Welcome to Bucharest

At the edge of the EU

We’re not going to lie, Romania perhaps isn’t the first destination that comes to mind when you think about a long weekend. But frankly, more of us should head out to this eastern European country, and especially to Bucharest, its sublime capital, full of all sorts of offbeat surprises. So, following our whistlestop trips to Catania, Malaga and Tbilisi, today let’s hit up the city sometimes known as ‘little Paris’.

You can immediately see why it’s acquired that nickname. First off, the architecture is pretty stunning and definitely brings the City of Light to mind. You’ll definitely want to walk beneath the touristy Arcul de Triumf while you’re here, but one of the city’s most dazzling stretches is the Macca-Vilacrosse passage, built at the end of the nineteenth century. But unlike the French capital, where the pressures of the housing market have led every nook and cranny to be transformed into a pied-à-terre, Bucharest still brims with abandoned and neglected buildings. One of them is even home to a flea market you simply must visit. Filled with bric-à-brac, ranging from hidden treasures to retro gadgets, it’s worth a visit if anything for the sumptuous decor of the surrounding, half-abandoned apartment block Strada Doamnei 11).

Romanians aren’t short on humour or cynicism. One of them, Cristian Lica, in fact founded a museum dedicated to these characteristics: the Romanian Kitsch Museum. Here you’ll find countless human inventions that range from in-poor-taste humour to romanticism pure and simple (via plenty of pretty shoddy artworks). But the real genius of the place lies in the way the objects are split into eight categories: ‘Dracula’, ‘religious kitsch’, ‘communist kitsch’, ‘interior design kitsch’ and so on. Better still, there are several workshops where you can create your own ultra-kitsch object. A rare place of laughter, culture and ‘WTF even is this?’

Next, try Hanul cu Tei, one of the city’s finest traditional inns. Built in 1833 by and for merchants, it serves generous dishes and local beers to die for. Hoppy brews are an integral part of Romanian culture, as the restaurant’s motto attests: ‘beer is proof that God loves us’. Once you’ve discovered some of the delights of Romanian cuisine, it’s also worth walking among the excellent works of art in Hanul cu Tei’s own gallery. You’ll come away satisfied with both what you’ve eaten and what you’ve seen.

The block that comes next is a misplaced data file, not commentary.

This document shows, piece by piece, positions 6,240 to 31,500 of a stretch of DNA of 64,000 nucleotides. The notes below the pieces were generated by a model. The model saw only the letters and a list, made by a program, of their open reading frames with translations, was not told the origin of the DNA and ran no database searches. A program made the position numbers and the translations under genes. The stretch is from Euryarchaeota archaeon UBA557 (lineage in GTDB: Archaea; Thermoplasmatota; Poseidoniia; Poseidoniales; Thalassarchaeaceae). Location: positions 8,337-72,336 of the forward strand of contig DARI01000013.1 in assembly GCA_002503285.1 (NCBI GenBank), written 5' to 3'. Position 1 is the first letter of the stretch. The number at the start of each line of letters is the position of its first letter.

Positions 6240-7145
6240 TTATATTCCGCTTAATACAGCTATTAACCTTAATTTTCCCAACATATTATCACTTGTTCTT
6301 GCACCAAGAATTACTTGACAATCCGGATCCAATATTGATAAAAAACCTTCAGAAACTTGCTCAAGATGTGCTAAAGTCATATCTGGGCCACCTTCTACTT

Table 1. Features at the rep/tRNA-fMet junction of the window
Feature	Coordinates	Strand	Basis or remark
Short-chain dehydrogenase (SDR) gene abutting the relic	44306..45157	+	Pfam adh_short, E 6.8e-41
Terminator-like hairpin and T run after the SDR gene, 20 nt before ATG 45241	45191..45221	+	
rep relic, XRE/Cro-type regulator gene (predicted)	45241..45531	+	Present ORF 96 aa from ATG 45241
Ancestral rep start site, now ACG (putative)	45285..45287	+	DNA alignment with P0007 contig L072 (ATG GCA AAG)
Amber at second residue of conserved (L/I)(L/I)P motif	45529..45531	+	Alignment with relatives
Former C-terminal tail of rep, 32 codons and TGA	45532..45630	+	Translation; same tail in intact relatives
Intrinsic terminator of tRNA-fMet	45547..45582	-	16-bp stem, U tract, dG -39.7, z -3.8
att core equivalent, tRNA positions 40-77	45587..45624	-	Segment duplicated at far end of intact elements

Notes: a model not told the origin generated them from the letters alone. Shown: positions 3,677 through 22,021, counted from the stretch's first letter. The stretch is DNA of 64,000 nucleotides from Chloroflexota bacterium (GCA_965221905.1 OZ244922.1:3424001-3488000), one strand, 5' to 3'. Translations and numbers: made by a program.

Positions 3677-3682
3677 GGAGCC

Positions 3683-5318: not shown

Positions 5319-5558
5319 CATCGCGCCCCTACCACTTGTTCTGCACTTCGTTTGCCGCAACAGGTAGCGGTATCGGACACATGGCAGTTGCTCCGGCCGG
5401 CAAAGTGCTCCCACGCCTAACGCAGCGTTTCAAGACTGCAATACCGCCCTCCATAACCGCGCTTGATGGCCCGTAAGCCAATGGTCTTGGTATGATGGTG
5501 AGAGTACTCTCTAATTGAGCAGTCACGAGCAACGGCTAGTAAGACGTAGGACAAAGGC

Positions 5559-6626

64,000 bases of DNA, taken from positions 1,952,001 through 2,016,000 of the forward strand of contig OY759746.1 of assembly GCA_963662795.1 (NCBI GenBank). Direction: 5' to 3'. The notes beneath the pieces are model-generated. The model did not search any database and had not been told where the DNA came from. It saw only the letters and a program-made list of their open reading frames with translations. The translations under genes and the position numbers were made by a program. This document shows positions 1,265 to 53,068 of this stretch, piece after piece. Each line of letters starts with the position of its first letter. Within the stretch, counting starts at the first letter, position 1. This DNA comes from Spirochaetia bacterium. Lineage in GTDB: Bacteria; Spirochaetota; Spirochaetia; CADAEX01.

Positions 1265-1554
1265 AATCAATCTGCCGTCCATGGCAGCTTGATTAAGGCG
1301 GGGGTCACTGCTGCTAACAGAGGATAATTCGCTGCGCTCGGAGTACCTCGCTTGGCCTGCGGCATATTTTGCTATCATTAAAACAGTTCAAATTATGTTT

Now to visit one of the most jubilant places in the entire city. Cărturești Carusel, one of the world’s most beautiful bookshops. But not only is the decor a marvel to behold, the place also allows book lovers to discover a ridiculous array of works across its six floors – we’re talking more than 10,000 books, on every subject imaginable. Bucharest is in fact filled with delightful hidden bookshops, and another we’d recommend visiting is Carturesti Verona.

Bucharestians don’t just like books, they also like legends. That’s why you should also make it over to Zlătari church. Here you’ll find a very unusual relic that dates back to the third century AD: the arm of Saint Cyprian the Mage. According to legend, before becoming Christian, the man travelled the world and managed to become a powerful sorcerer. He later converted after one of his spells was beaten back by the prayers of the person he had targeted. Make what you will of the relic, but certain people still believe it has the power to banish curses.

It’s been some time since a new generation of chefs have really shaken up the traditional Romanian cooking. Alexandru Dumitru must be among the most respected. At Bistro Ateneu he also does away with the stuffiness of a lot of modern restaurants. On the menu, he puts a modern twist on classic dishes from across the country, and they’re served by friendly staff in a comfy, playful setting. You’re practically guaranteed to discover the very best the culinary avant-garde has to offer in Romania right now. Not to mention the selection from the wine cellar, which is also excellent.

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